Acupuncture is an ancient Chinese healing technique based on the use of super-fine needles in certain parts of the body in order to relive pain and bring or maintain health. I personally use acupuncture for all of these reasons, and I can’t say enough about how much it’s done for me. Even so, I couldn’t imagine that cats would react very well to acupuncture until I heard about Moki, a cat who developed severe neurological damage after an infection he suffered while he was a kitten.
At first, I thought Moki was the exception and that most cats wouldn’t tolerate the treatment, but Dr. Rachel Barrack, a veterinary acupuncturist, convinced me otherwise.
“I first became interested in learning more about acupuncture and traditional Chinese veterinary medicine when I couldn’t obtain the results I was hoping for with Western medicine,” says Barrack, who began her career working with horses but whose practice today extends to small animals. “I recall trying to help a racehorse with a significant lameness return to racing. Another veterinarian performed acupuncture and quickly there was a significant improvement.”
“Around the same time, a family member’s cat was diagnosed with cancer. His quality of life declined rapidly. Acupuncture and Chinese herbal therapy were able to ease his suffering and allow his owner some more time to say goodbye,” she says. “These two cases really sparked my interest in learning about acupuncture.”
According to Barrack, acupuncture and Chinese herbal therapy can be used to treat a wide variety of physical and behavioral conditions in cats, including degenerative joint disease, neurological disease such as seizures or disk disease (or Moki’s mystery illness), stomach and intestinal problems, cardiovascular and respiratory disease, kidney problems, and skin disease. Acupuncture and Chinese herbal therapy can also be used to provide the best possible quality of life for cats on palliative care.
There are two major philosophies about how acupuncture works. The traditional philosophy is that by inserting the needles at certain points along channels called meridians, you unblock Qi (vital life energy). Western-oriented practitioners, however, have a more biologically based belief.
“I’ll admit when I first started studying the ancient art of acupuncture I was pretty skeptical as to how it works,” Barrack says. “The western-trained scientist in me tried to establish a modern basis to this ancient practice and researched clinical studies, which explained acupuncture points as correlating to areas of increased microcirculation and nerve endings.”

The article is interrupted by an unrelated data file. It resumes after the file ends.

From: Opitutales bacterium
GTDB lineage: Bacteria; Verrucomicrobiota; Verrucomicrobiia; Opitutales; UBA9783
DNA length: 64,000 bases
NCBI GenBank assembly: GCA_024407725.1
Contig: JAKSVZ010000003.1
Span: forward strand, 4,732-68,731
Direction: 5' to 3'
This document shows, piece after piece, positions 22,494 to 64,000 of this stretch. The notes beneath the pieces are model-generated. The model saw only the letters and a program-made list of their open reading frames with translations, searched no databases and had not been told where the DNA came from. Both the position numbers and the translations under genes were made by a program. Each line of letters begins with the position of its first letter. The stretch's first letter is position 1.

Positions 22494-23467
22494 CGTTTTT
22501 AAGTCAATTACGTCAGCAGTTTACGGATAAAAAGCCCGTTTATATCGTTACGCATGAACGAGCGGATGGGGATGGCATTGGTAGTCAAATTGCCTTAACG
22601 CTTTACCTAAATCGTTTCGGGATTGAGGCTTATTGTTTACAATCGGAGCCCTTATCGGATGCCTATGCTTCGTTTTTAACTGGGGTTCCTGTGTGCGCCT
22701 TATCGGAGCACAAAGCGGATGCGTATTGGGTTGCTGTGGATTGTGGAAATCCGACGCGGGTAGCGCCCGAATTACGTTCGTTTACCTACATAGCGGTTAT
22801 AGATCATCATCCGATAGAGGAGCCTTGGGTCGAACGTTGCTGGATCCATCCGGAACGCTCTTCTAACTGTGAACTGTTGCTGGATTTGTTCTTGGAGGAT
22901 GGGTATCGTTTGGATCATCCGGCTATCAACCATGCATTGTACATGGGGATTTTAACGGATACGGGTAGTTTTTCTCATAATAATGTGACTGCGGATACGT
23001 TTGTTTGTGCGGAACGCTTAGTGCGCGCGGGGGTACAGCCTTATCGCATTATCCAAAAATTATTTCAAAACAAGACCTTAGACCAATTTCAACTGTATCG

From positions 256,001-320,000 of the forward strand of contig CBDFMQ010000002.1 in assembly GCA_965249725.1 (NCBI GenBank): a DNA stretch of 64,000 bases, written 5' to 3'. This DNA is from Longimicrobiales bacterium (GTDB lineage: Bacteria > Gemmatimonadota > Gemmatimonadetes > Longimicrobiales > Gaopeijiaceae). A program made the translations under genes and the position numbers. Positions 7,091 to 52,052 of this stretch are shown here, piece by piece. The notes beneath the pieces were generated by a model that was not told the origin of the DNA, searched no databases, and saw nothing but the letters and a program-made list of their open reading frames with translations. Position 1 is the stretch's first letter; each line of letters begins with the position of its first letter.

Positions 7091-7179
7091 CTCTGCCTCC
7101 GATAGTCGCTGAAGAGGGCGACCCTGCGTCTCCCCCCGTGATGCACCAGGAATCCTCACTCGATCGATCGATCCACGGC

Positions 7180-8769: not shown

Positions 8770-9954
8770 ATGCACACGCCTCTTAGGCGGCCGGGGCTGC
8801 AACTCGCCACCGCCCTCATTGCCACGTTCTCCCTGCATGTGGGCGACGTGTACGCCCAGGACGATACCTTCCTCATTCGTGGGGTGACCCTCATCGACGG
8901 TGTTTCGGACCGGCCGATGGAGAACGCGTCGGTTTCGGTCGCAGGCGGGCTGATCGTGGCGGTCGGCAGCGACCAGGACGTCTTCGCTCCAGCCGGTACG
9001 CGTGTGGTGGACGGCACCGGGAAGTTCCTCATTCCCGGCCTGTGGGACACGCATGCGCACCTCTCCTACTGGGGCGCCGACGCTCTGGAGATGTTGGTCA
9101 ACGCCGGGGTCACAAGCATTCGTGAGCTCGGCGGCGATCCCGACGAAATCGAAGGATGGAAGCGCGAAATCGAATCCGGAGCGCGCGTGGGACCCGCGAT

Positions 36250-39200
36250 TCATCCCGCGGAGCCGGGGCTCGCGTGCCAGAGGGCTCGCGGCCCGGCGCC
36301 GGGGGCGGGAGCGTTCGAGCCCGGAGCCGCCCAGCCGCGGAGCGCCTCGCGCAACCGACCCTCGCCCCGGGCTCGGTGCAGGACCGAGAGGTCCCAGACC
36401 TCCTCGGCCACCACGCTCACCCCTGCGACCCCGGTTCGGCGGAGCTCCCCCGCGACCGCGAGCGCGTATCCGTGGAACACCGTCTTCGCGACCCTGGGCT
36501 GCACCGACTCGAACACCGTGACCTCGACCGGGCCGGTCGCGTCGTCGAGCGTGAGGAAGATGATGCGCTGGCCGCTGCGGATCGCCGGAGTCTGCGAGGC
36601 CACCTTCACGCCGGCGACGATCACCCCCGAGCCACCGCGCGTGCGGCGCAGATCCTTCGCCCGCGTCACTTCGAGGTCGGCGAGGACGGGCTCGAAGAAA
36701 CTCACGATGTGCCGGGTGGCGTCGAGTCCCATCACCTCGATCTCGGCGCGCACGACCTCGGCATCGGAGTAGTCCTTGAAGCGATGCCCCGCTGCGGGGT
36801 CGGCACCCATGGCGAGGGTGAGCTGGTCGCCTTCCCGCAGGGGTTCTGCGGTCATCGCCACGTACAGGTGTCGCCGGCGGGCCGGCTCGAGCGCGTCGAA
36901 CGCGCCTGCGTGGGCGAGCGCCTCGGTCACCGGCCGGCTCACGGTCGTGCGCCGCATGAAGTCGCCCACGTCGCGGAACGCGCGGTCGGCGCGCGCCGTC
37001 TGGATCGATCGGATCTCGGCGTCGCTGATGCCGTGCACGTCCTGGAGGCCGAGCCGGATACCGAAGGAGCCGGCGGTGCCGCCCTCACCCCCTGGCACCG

While Barrack agrees with the Western ideas, “I do believe in some of the more Eastern principles in conjunction, such as the flow of Qi and blood along the meridians. Pain seems to correlate to stagnation or blockage of free flow. I also think traditional Chinese medicine focuses on the patient as a whole and not just the disease process. Chinese medicine seeks to restore harmony and balance between organ systems for optimal health and overall well-being.”
“However one seeks to justify it, I find it truly incredible that a tiny needle can result in so much extraordinary change,” Barrack says.
Now for the $64,000 question: How do cats react to acupuncture treatments? Do they fall asleep on the treatment table, like I do, or do they fight every inch of the way? The answer: Yes.
“Cats tend to really love or really hate receiving acupuncture. In my experience, there doesn’t seem to be much in between. Most cats seem to enjoy it, and some do relax to the point of falling asleep, but every now and then even the nicest cat turns into a tiger when the needling begins,” says Barrack. “For these more finicky felines, I recommend just utilizing Chinese herbal therapy to obtain the benefit of Eastern medicine without incurring unnecessary stress.”
Barrack has had many rewarding experiences giving acupuncture treatments to cats. “I find it especially rewarding to improve the quality of life for geriatric cats or those undergoing chemotherapy and radiation,” she says.
She reminds people that it’s important for a veterinarian to maintain an open mind to both Western and Chinese medicine. “Although the focus of my practice is traditional Chinese veterinary medicine, I still have not forgotten my Western veterinary training,” Barrack says. “I am the first to suggest when a patient can benefit most from Western treatment, Eastern treatment, or often a combination of the two. Ultimately, my goal is always to help animals achieve optimal health.”
Acupuncture and Chinese herbal therapy can be a great complementary treatment to go along with Western medicine. To find a licensed veterinary acupuncturist in your area, Barrack recommends visiting the website of the Chi Institute, from which she received her certification. You can also check out the International Veterinary Acupuncture Society website to learn more about animal acupuncture and search for an IVAS-accredited practitioner in your area.
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About JaneA Kelley: Punk-rock cat mom, science nerd, animal rescue volunteer and all-around geek with a passion for bad puns, intelligent conversation, and role-play adventure games. She gratefully and gracefully accepts her status as chief cat slave for her family of feline authors, who have been writing their award-winning cat advice blog, Paws and Effect, since 2003.